The Cultural Revolution was in its last throes and Deng Xiaoping was on the verge of introducing reforms that would lead to the opening up of China and the transformation of the country into a socialist market economy. The lives of millions of Chinese would change for ever, as would the lives of Varbanov and Madame Song when they returned to Europe.

Meeting Pierre Cardin

In 1979, they met the fashion designer Pierre Cardin at the International Contemporary Art Fair (FIAC) in Paris where Varbanov was exhibiting several of his three-dimensional fabric sculptures at Hervé Odermatt Gallery. In an impetuous move, Cardin bought the whole of the exhibition for his personal art collection and sent the work off to his newly opened Espace Pierre Cardin in New York. Song was vivacious and attractive and inevitably Cardin became enamoured with her and was receptive to a proposal that she put to him. She had plans, she said, to return to visit her family in Beijing and suggested to Cardin that perhaps they could collaborate on something while she was there.

Promoting Cardin Brand in China

Cardin, ever the shrewd businessman, had pioneered advances in ready-to-wear and in licensing his brand in Europe and America but had yet to gain a strong foothold in the Chinese market. Song’s offer came at the right moment and Cardin accepted with enthusiasm. She should launch his brand there, he said, organise fashion models and runway shows whilst also planning the launch of his restaurant, Maxim’s, that he wanted to open in Beijing. By late 1980, Song was back in Beijing and working full-time for Cardin, joined by the rest of the family in 1983.

They stayed at the Beijing Hotel, two blocks from Tiananmen Square, where Cardin also had an office. They could see the square from their hotel window, Boriana recalled. While Song was run ragged recruiting models, many of who were literally plucked from the streets of Beijing, Varbanov spent his days drinking coffee and smoking in the hotel café – that locals called the Zoo because they would stand and watch the foreigners inside. In clouds of cigarette smoke, Varbanov would work feverishly on his conceptual sketches, pouring a tsunami of ideas onto the pages of his notebooks. They remained a fantasy, as many of his ideas such as a floating island on West Lake in Hangzhou, were never realised.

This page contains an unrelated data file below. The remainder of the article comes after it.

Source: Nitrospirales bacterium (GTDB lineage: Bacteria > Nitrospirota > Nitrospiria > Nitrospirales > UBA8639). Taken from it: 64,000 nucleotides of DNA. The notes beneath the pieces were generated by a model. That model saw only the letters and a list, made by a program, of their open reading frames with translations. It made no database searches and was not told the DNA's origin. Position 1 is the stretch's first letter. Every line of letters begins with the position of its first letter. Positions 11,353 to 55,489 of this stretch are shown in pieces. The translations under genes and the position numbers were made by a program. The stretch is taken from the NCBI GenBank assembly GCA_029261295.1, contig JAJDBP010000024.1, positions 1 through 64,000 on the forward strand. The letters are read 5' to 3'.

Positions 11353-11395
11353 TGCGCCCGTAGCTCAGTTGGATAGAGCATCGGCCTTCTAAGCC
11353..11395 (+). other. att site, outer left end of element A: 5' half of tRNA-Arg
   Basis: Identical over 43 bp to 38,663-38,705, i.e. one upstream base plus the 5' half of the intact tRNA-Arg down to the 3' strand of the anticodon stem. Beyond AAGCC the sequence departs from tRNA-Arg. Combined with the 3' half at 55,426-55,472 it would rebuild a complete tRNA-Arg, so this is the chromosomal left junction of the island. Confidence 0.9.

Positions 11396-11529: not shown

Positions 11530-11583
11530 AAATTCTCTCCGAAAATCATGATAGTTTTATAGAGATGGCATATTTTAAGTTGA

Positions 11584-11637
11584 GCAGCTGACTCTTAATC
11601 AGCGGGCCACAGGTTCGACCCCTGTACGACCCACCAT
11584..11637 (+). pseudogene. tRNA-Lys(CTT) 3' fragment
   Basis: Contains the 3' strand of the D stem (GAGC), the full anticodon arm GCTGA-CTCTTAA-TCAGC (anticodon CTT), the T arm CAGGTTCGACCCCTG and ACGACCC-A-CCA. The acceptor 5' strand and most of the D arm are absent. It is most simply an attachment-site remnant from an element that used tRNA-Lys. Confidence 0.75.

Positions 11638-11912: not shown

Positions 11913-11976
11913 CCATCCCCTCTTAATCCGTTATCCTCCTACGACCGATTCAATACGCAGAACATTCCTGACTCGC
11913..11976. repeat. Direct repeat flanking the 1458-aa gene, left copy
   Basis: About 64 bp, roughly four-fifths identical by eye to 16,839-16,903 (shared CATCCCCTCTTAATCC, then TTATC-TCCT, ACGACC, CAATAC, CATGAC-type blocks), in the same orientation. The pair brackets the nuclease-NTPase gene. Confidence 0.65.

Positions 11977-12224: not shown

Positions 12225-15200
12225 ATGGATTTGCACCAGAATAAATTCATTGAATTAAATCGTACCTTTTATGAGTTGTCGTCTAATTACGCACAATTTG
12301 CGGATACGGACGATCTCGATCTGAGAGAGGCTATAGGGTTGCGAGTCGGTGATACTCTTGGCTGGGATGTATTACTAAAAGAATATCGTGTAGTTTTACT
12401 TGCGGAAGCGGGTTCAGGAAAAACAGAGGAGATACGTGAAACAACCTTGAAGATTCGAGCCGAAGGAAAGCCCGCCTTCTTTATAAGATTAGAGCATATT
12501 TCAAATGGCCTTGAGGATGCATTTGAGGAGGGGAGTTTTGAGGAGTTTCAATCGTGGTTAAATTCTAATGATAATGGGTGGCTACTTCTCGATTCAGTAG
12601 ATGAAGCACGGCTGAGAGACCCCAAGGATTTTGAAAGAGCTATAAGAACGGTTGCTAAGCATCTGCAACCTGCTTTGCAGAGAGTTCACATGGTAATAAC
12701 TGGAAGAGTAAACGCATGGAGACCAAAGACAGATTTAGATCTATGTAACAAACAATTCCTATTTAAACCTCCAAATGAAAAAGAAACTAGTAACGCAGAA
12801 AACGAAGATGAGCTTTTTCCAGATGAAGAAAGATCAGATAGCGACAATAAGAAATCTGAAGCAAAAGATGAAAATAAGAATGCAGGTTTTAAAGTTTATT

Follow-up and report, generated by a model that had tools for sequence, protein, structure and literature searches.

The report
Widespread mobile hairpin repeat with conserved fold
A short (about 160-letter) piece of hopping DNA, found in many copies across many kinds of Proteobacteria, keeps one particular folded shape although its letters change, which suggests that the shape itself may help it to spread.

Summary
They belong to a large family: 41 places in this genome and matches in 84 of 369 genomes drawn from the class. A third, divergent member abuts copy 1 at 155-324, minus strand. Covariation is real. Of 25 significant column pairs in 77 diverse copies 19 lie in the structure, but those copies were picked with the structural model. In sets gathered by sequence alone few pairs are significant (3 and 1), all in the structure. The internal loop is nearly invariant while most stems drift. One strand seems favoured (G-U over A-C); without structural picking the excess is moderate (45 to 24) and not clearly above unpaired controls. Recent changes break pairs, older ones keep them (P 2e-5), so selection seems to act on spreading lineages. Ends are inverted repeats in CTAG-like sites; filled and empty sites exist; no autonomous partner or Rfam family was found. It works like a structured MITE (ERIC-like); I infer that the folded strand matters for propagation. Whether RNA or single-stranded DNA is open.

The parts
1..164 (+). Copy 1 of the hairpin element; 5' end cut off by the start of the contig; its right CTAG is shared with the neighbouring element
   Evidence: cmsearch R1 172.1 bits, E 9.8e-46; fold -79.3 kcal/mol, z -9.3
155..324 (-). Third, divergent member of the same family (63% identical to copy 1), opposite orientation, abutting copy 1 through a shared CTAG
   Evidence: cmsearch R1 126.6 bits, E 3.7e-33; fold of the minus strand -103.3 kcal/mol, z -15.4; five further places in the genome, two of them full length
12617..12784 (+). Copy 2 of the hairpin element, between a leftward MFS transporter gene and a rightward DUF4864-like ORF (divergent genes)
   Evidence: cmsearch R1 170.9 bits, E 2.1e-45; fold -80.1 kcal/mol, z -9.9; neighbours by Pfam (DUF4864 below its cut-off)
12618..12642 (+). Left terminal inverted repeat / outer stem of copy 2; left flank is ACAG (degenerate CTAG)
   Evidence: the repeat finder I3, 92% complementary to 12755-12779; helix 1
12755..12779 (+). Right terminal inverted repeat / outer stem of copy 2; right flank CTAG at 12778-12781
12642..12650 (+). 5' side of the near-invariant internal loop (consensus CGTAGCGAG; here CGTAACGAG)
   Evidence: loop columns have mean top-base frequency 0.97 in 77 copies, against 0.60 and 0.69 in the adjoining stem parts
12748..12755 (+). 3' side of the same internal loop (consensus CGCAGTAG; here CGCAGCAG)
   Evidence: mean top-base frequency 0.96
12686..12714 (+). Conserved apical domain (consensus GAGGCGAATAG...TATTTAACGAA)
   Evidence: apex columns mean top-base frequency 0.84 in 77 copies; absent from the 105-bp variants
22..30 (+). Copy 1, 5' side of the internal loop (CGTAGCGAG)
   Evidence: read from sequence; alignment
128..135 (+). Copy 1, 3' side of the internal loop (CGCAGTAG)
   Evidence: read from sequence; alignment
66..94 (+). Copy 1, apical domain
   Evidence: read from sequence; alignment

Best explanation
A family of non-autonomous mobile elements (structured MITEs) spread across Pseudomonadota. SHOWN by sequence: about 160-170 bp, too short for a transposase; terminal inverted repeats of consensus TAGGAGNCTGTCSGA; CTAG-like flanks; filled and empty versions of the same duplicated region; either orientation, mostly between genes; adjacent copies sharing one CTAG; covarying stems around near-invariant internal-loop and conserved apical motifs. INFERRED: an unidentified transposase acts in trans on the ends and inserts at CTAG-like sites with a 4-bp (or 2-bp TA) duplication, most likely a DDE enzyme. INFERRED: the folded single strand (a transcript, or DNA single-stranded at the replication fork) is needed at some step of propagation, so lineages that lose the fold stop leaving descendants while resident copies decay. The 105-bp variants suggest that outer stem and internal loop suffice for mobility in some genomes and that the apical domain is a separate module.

Varbanov as a Tapestry Artist

Varbanov’s own career as a tapestry artist had flourished in Europe where tapestry making had a long history and which had experienced a renaissance in the early 20th century with the collaboration of artists such as Braque, Picasso, and Matisse. But tapestry even in the hands of such illustrious exponents remained the craft of artisans who transcribed their designs onto fabric.

In contrast, Varbanov’s tapestries proved revolutionary at the time in that they were sculptural three-dimensional objects – often very large – made from assorted fabrics and natural materials such as goats’ hair, which he brought over from Bulgaria. He had twice shown at the Lausanne Tapestry Biennale (in 1969 and 1971), and in 1979 he work was included in the French Modern Art Tapestry exhibition at the Grand Palais in Paris.

In 1983, when Varbanov arrived in Beijing he found a city vastly different from the one he had left in 1959. The population was edging towards prosperity under Deng’s reforms and the influence of Russian social realism on a generation of artists had long succumbed to exciting new avant-garde experimentation, a terrain occupied by artists such as Ai Weiwei, Huang Rui, and Ma Desheng – all of whom were members of the Stars Group that was active between 1979 and 1983, who used their personal experiences and social issues as their subject matter.

Varbanov’s Studio in Sanlitun

The ever-resourceful Song found a disused carpet factory in Sanlitun, close to what is now the Great Wall Hotel, that was to become Varbanov’s studio and where he invited young art students to join him to explore ‘soft sculpture’, as his work would be called in China. He began work on a series of monumental pieces that brought together a European approach to weaving – using wool, cotton, and goat’s hair with Chinese aesthetic sensibilities.

Varbanov was able to show this work at an exhibition he organised at the National Museum of China in Beijing, which proved to be wildly successful. The American artist Robert Rauschenberg, who was concurrently showing in Beijing, is reported to have said that the best exhibition in Beijing was not his, but Varbanov’s. Tapestry was, Varbanov wrote in 1988 for the exhibition Chinese Modern Tapestry at Pao Galleries in Hong Kong, ‘An inseparable component of modern architecture’.

Establishing Tapestry School at Zheijang Academy of Fine Art in Hangzhou